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Close to home this memorable spot, where was camp Westerbork. There is now a memorial center and is progressing with plans to renovate the ground. Countless times I've been here. Time and again
it is very impressive. A place to meditate about faith, the past and the future. Westerbork concentration camp (German: Durchgangslager Westerbork) was a World War II concentration camp in Hooghalen, ten kilometers north of Westerbork, in the northeastern Netherlands. Its function during the Second World War
was to assemble Roma and Dutch Jews for transport to other Nazi concentration camps.
In 1939, the Dutch government erected a refugee camp, Centraal Vluchtelingenkamp Westerbork, in which people--mostly from Germany, but also from Austria, Czechoslovakia and Poland, and mostly of Jewish
faith--were housed after they had tried in vain to escape Nazi terror in their homeland. During World War II, the Nazis used the facilities and turned it into a deportation camp for Jews, about 400 Gypsies and, in
the very end of the War, for some 400 women from the resistance movement. Between July 1942 and September 1944, almost every Tuesday a cargo train left for the concentration camps Auschwitz-Birkenau, Sobibór, Bergen-Belsen and Theresienstadt. In the period from 1942 to 1945, a total of 107,000 people passed through the camp on a total of 93 outgoing trains. Only 5,200 of them survived, most of them in
Theresienstadt or Bergen-Belsen, or liberated in Westerbork by the Canadians.

Each stone marks a deported person. Most are Jewish but there were also gypsies among them.

Each stone marks a deported person. Most are Jewish but there were also gypsies among them.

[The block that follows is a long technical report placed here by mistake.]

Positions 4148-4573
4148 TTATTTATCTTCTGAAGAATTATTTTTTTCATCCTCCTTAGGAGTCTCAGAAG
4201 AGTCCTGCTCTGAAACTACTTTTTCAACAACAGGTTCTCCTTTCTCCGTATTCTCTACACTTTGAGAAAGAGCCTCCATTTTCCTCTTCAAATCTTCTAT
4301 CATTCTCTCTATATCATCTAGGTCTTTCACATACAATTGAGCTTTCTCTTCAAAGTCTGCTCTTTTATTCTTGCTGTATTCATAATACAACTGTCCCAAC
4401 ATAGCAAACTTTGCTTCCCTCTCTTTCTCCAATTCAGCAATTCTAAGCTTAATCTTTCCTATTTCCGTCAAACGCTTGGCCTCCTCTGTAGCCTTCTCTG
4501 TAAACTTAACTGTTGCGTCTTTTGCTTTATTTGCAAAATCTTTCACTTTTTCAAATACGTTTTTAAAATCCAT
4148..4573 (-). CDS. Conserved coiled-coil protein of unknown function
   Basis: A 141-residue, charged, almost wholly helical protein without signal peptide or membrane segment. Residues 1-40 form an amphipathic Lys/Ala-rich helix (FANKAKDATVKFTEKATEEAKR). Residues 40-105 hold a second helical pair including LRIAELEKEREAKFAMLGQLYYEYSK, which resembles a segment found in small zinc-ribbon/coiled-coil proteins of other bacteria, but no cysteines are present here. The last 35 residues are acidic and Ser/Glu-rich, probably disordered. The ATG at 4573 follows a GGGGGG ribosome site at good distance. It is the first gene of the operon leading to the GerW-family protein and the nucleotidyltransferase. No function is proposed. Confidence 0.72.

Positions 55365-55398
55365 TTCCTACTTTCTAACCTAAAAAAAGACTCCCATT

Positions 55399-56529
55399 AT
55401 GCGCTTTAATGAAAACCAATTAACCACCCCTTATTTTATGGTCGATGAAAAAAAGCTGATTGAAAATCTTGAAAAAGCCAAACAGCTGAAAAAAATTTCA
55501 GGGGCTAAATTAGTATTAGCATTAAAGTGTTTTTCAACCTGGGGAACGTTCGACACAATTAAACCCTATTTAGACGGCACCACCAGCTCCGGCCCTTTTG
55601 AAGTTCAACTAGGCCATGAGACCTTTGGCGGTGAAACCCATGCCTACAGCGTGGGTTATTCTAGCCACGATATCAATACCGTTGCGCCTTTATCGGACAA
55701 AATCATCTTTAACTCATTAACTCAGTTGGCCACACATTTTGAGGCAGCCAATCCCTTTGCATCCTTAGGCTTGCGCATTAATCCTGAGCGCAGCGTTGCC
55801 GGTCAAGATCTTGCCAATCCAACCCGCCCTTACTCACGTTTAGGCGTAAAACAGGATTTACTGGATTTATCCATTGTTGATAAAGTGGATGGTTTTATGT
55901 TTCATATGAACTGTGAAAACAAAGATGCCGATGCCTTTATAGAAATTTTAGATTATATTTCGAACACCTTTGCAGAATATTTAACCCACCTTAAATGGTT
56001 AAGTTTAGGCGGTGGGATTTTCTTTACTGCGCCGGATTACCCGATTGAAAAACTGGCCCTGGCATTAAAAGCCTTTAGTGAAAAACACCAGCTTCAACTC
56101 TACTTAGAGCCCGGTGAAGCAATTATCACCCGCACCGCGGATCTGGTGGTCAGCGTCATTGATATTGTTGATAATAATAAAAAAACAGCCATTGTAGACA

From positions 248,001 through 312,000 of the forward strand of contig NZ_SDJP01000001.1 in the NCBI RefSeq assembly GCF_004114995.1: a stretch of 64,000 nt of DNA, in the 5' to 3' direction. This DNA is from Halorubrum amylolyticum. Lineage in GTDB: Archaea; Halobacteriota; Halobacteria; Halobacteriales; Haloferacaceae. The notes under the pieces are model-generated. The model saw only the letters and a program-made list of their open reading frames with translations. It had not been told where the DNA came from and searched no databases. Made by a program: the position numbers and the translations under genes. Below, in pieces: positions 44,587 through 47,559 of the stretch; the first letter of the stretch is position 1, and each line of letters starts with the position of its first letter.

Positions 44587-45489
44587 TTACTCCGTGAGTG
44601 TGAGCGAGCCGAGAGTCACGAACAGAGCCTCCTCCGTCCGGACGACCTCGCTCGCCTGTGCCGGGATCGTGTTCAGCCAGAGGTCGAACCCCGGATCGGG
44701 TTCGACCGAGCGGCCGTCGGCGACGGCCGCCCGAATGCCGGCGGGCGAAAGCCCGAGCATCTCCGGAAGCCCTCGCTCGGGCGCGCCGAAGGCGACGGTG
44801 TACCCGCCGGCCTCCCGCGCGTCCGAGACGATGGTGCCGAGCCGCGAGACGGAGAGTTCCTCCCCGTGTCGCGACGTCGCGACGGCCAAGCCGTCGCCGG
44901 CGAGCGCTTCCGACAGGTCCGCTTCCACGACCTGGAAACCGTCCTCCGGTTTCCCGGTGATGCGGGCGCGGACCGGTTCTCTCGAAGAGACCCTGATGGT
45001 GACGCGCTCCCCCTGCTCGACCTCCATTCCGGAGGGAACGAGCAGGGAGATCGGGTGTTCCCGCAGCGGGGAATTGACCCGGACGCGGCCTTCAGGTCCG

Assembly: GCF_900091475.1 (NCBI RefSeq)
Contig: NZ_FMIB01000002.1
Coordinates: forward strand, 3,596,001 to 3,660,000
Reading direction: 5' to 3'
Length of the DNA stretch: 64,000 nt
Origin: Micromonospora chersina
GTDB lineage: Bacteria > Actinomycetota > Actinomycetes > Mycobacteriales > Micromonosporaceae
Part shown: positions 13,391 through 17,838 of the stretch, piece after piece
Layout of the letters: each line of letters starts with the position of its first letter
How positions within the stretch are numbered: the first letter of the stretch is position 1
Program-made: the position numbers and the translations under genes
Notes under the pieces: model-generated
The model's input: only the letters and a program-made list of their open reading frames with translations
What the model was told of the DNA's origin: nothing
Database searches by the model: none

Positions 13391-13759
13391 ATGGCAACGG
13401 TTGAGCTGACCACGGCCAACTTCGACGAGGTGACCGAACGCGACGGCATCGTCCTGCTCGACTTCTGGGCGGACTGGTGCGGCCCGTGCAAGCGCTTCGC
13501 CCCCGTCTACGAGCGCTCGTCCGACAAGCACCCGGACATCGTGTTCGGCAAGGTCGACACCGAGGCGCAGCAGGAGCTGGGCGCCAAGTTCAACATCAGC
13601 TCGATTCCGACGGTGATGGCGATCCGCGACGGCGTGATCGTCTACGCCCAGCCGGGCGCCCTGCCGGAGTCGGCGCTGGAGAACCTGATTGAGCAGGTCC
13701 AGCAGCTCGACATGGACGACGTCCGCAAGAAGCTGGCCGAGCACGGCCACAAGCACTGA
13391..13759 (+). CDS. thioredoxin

Former house of the camp commander Gemmeker. Albert Conrad Gemmeker the camp commander and his mistress Frau Hassel.
Former house of the camp commander Gemmeker. Albert Conrad Gemmeker the camp commander and his mistress Frau Hassel.
  Every Tuesday a train left Westerbork with destination Auschwitz, Sobibor or Theresienstadt concentrationcamp.
This shield was found on a train wagon.
This shield was found on a train wagon Every Tuesday a train left Westerbork with destination Auschwitz, Sobibor or Theresienstadt concentrationcamp.

This was how camp Westerbork looked like.

With other members of Documentationgroup '40-'45 we walked over the former camp area. Very impressive.
This was how camp Westerbork looked like. With other members of Documentationgroup '40-'45 we walked over the former camp area. Very impressive.
Part of the burned barracks, where Anne Frank had to get batteries from each other, is now seen in the exhibition space. I visited the new exhibition on 1 December 2009. This was the Westerbork barracks that was put on fire in the night of 18 to 19 July 2009 in Veendam. What a pity. I wish the procedure to obtain the barracks have had been shorter so this would not have happened.
Part of the burned barracks, where Anne Frank had to get batteries from each other, is now seen in the exhibition space. I visited the new exhibition on 1 December 2009. This was the Westerbork barracks that was put on fire in the night of 18 to 19 July 2009 in Veendam. What a pity. I wish the procedure to obtain the barracks have had been shorter so this would not have happened.
Sinterklaas 1943 at camp Westerbork.

Sinterklaas 1943 at camp Westerbork.

Departure from camp Westerbork. Crystal Night 1938.
Departure from camp Westerbork.

Crystal Night 1938.